Netflix's own Happy Hour with 37% of Peak Internet usage - inLIFE

Netflix’s own Happy Hour with 37% of Peak Internet usage

2-650-80Netflix now claims 37% of the peak hour’s internet bandwidth in the US and it’s close to being used by half the population. It is popular and expanding globally fast, but how does it work?

Netflix is in 60 countries and they expect to be in 200 by the end of 2015, they are hoping to turn their 65 million to 200 when they spoke at the AWS relnvent 2015 in Las Vegas, October.

They said, “We’ve just launched in Japan and we’re going to launch in four other Asian countries in 2016”.  The start of the next year will see Netflix launch in Hon Kong, Singapore, South Korea and Taiwan. It is argued that the streaming company is cherry-picking the low hanging fruit and only operating in highly developed countries where a monthly subscription is a normality and an affordable dream.

With thousands of people clicking play at the same time, with activity peaking in the evening although that being said, as a global platform it’s always a constant peak.

Pressing play is big business in Netflix, and there are thousands of us clicking play at the same time. The challenge is to run an exemplary service without losing any quality of play for the over 400 billion events daily, and 17GB per second during peak.

Netflix is in the cloud, but the strange thing is Netflix is hosted by Amazon Web Services, whose Amazon Prime Instant Video is their competitor. They rely on Amazon to help address all the unpredictable peaks in traffic.

The video is cached and stored on Netflix’s own OpenConnect content delivery network (CDN), which connects directly to Internet Service Providers (ISPs). This is the core of Netflix; is where everything is stored, and it comes complete with cloud management, a delivery engine, and an automation platform.

The CDN is global, so wherever you are in the world, when you request a video the system selects the nearest location to stream it from.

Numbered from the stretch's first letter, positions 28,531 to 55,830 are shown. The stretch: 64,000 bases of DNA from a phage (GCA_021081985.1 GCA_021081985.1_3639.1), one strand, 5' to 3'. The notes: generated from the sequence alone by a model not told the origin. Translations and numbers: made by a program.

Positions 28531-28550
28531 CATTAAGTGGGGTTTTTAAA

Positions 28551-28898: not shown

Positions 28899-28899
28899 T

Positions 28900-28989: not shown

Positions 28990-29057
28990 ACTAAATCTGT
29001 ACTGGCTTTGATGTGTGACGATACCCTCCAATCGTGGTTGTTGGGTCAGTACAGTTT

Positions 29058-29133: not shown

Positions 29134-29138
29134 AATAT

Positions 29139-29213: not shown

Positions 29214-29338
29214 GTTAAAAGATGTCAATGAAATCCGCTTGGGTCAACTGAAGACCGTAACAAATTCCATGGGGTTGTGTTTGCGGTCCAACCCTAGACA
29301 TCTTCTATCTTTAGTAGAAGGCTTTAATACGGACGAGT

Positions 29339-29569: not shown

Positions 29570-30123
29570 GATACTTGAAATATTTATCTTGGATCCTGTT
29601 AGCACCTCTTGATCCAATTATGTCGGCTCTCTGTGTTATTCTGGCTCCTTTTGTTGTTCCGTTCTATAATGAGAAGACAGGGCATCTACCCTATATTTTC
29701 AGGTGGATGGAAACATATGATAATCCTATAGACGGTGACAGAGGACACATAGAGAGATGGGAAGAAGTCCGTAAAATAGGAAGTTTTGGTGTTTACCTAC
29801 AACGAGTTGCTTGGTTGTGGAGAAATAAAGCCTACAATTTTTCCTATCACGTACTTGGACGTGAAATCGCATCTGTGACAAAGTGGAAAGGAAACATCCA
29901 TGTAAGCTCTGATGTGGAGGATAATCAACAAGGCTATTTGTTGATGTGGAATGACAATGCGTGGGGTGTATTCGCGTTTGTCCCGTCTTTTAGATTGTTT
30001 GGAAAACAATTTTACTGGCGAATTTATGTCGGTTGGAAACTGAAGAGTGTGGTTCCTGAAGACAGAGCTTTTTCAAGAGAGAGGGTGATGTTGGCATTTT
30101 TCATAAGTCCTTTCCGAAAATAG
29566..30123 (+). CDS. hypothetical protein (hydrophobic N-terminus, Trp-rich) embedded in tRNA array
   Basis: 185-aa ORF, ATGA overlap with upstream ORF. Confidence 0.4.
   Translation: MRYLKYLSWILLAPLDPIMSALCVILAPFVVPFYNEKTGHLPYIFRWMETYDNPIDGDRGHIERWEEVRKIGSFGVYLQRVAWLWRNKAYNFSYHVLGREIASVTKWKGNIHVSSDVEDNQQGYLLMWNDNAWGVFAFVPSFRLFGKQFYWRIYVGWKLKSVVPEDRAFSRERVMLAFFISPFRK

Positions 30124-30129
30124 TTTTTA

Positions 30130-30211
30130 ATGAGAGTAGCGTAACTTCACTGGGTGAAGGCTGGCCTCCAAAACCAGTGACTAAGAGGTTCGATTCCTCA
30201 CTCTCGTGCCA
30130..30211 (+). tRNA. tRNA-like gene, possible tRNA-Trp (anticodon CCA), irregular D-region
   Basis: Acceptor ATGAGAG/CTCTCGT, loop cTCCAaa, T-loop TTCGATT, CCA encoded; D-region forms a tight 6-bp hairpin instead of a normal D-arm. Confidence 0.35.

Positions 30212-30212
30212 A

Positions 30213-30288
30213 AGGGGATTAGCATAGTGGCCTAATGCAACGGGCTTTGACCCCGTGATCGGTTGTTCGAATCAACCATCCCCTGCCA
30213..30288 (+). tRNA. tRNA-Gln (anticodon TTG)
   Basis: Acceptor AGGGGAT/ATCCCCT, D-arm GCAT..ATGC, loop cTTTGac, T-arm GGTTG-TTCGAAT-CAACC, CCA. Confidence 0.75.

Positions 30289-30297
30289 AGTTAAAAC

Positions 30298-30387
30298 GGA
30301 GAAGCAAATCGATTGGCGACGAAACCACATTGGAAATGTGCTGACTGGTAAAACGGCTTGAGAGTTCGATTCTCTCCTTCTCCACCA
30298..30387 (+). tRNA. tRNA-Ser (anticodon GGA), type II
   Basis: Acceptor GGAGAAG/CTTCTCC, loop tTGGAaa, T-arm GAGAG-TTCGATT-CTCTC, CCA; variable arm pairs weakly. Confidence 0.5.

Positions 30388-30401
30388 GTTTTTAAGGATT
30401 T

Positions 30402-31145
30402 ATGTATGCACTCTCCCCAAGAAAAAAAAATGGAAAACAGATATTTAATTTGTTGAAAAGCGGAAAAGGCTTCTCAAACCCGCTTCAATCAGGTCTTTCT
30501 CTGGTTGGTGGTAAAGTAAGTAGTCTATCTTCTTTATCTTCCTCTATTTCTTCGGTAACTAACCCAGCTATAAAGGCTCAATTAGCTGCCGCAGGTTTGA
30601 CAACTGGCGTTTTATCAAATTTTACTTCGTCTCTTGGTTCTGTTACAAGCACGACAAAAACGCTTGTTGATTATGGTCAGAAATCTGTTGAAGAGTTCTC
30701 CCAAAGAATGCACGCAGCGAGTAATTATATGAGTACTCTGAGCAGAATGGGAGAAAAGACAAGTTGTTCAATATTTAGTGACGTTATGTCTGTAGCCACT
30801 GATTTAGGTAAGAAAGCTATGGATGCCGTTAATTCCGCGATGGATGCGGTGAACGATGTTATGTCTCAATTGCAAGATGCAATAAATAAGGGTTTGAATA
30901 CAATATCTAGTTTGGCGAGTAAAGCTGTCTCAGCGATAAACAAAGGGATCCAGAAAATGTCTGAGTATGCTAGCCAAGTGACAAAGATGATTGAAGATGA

It’s very different to the good ole days when Netflix started as a DVD rental service.

How do they cope with the regional content licensing? That is why they have some shows are on Netflix US, Netflix Sweden or Netflix Canada, but not on Netflix UK, or vice versa.  However, Netflix is trying to get around this archaic model by producing its own shows like Orange is the New Black, Marco Polo and House of Cards.

Netflix knows everything about what is being watched, this means that is can tell the exact moment a show takes off. Netflix have found that by offering users all the episodes at once a fan is born.

Basically binge-watching is what it is all about according to the data.

What’s coming next for Netflix…

While 65 million people might sound a l6-650-80ot, it’s a drop in ocean compared to the amount of people Netflix could be streaming to, so growth (most immediately in Asia) is in Netflix’s future.

Netflix streaming is also being made available to airline passengers with phones, tablets or laptops on 10 of Virgin America’s new Airbus A320 aircraft in the US, though it’s only free until beta testing on its new ViaSat inflight WiFi system ends in March 2016 (expect high prices thereafter for such a data-intensive app).

It’s working on mobile encounters so users can use it without completely destroying their mobile data allowances.

And it’s going to need a whole lot more Amazon space as it swallows up more and more of the internet.

Story from Techradar 
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